SINGAPORE - As the global death toll from the Covid-19 pandemic inches towards the 20,000 mark, scientists all over the world are racing against time to develop vaccines against the virus.
Unfortunately, these vaccines may not work for those with poorer immune systems - such as cancer patients, and those with comorbidities, where they have more than one medical condition at the same time.
Local start-up Proteona announced on Wednesday (March 25) that it is forming an alliance with research teams from the United States and Germany which specialise in the fields of oncology, applied life sciences and material sciences, as well as single cell genomics and bioinformatics. Their goal is to develop an antibody treatment that can tackle a broad range of coronaviruses for these vulnerable individuals.
If successful, the treatment developed by the alliance will allow vulnerable patients to fight against not only the strain of coronavirus responsible for the outbreak now, but also future variants of the virus.
Dr Andreas Schmidt, chief executive of Proteona, said that with a growing global population and a changing climate, more variants of the coronavirus will spring up in the future.
Said Dr Schmidt: "We cannot have the same response each time, scrambling to create therapies and vaccines. Instead we must develop therapies that can not only help in the current crisis, but will also be available for the next one."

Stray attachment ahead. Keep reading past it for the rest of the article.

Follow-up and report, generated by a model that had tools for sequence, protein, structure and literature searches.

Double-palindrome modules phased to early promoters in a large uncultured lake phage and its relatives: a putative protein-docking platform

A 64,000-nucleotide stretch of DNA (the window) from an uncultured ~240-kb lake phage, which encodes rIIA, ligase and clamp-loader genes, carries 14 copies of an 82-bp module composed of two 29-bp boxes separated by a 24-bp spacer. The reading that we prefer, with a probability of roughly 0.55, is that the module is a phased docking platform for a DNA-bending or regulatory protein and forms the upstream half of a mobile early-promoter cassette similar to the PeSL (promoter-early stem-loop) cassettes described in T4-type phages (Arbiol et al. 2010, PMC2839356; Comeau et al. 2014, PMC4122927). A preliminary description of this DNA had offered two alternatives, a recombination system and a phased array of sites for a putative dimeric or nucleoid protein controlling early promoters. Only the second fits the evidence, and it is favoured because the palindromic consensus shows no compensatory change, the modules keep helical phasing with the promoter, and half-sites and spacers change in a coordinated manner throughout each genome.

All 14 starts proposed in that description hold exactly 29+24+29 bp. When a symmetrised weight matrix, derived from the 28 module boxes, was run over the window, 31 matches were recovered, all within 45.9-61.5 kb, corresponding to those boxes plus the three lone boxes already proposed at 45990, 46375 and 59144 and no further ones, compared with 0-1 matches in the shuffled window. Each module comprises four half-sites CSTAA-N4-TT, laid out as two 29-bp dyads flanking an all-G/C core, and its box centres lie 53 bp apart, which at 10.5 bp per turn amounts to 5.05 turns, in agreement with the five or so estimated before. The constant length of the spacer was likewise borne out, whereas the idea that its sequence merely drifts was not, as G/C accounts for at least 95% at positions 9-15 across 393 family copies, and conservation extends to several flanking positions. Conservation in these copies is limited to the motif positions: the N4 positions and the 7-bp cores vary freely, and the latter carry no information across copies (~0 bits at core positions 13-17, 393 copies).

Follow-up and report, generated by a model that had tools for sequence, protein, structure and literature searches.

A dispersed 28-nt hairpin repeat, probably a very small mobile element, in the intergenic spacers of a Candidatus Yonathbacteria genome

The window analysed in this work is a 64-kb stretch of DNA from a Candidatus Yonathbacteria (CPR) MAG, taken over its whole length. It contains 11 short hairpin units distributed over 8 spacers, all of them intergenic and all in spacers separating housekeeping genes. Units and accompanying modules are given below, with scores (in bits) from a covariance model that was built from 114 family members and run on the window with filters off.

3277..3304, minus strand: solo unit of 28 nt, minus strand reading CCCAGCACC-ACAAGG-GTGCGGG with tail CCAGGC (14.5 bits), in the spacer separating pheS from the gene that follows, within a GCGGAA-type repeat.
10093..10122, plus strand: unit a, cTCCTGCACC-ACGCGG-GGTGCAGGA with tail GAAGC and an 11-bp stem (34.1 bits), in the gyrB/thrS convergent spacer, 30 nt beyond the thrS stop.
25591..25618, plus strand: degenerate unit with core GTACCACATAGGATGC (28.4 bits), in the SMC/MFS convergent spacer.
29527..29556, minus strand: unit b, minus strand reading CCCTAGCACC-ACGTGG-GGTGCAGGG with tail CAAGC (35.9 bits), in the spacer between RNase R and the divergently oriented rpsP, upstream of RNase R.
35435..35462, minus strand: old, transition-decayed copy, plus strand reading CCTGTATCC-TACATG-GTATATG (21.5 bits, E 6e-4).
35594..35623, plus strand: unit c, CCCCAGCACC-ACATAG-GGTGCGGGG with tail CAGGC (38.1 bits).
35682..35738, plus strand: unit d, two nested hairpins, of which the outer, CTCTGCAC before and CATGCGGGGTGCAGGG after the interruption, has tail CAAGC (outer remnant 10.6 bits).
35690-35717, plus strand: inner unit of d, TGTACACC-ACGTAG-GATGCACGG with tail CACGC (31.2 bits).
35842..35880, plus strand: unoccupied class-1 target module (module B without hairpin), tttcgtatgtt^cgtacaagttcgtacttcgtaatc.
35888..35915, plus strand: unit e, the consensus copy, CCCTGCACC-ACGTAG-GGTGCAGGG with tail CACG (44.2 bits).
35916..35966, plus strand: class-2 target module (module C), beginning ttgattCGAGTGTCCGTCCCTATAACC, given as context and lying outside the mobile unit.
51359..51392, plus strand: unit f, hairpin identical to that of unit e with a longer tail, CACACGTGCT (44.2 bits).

Vaccines work by triggering the body's immune response towards a certain pathogen so that when the same pathogen enters the body the next time, the immune system is able to summon its defences against it quickly.
Individuals with comorbidities or cancer have immune systems that are too weak to mount a defence against the virus, said Dr Schmidt, and they are therefore not ideal candidates to receive a vaccine.
Therefore, an alternative treatment such as the use of antibodies is "badly needed", he added.
The scientists intend to develop the treatment by looking at a particular type of immune cells - known as B-cells - in the samples of 20 patients from around the world who have recently recovered from the Covid-19 infection. B-cells are responsible for producing different types of antibodies, which in turn battle against different kinds of pathogens.
By studying the gene and protein expressions of individual cells, the team will then be able to single out those which produce antibodies targeting coronaviruses in particular. This is done using Proteona's single-cell sequencing platform, which is able to do it for thousands of cells within five days.
The process allows the team develop an antibody treatment - which would likely be administered intravenously - that can fight against different types of coronaviruses.
Dr Schmidt noted that it is because of the efforts of the front-line healthcare workers and the Singapore Government that companies like Proteona can undertake this work in Singapore, while many labs in other parts of the world have been shuttered.
"We invite all companies in the region to join with us in our quest to create the next wave of antiviral therapies," he added.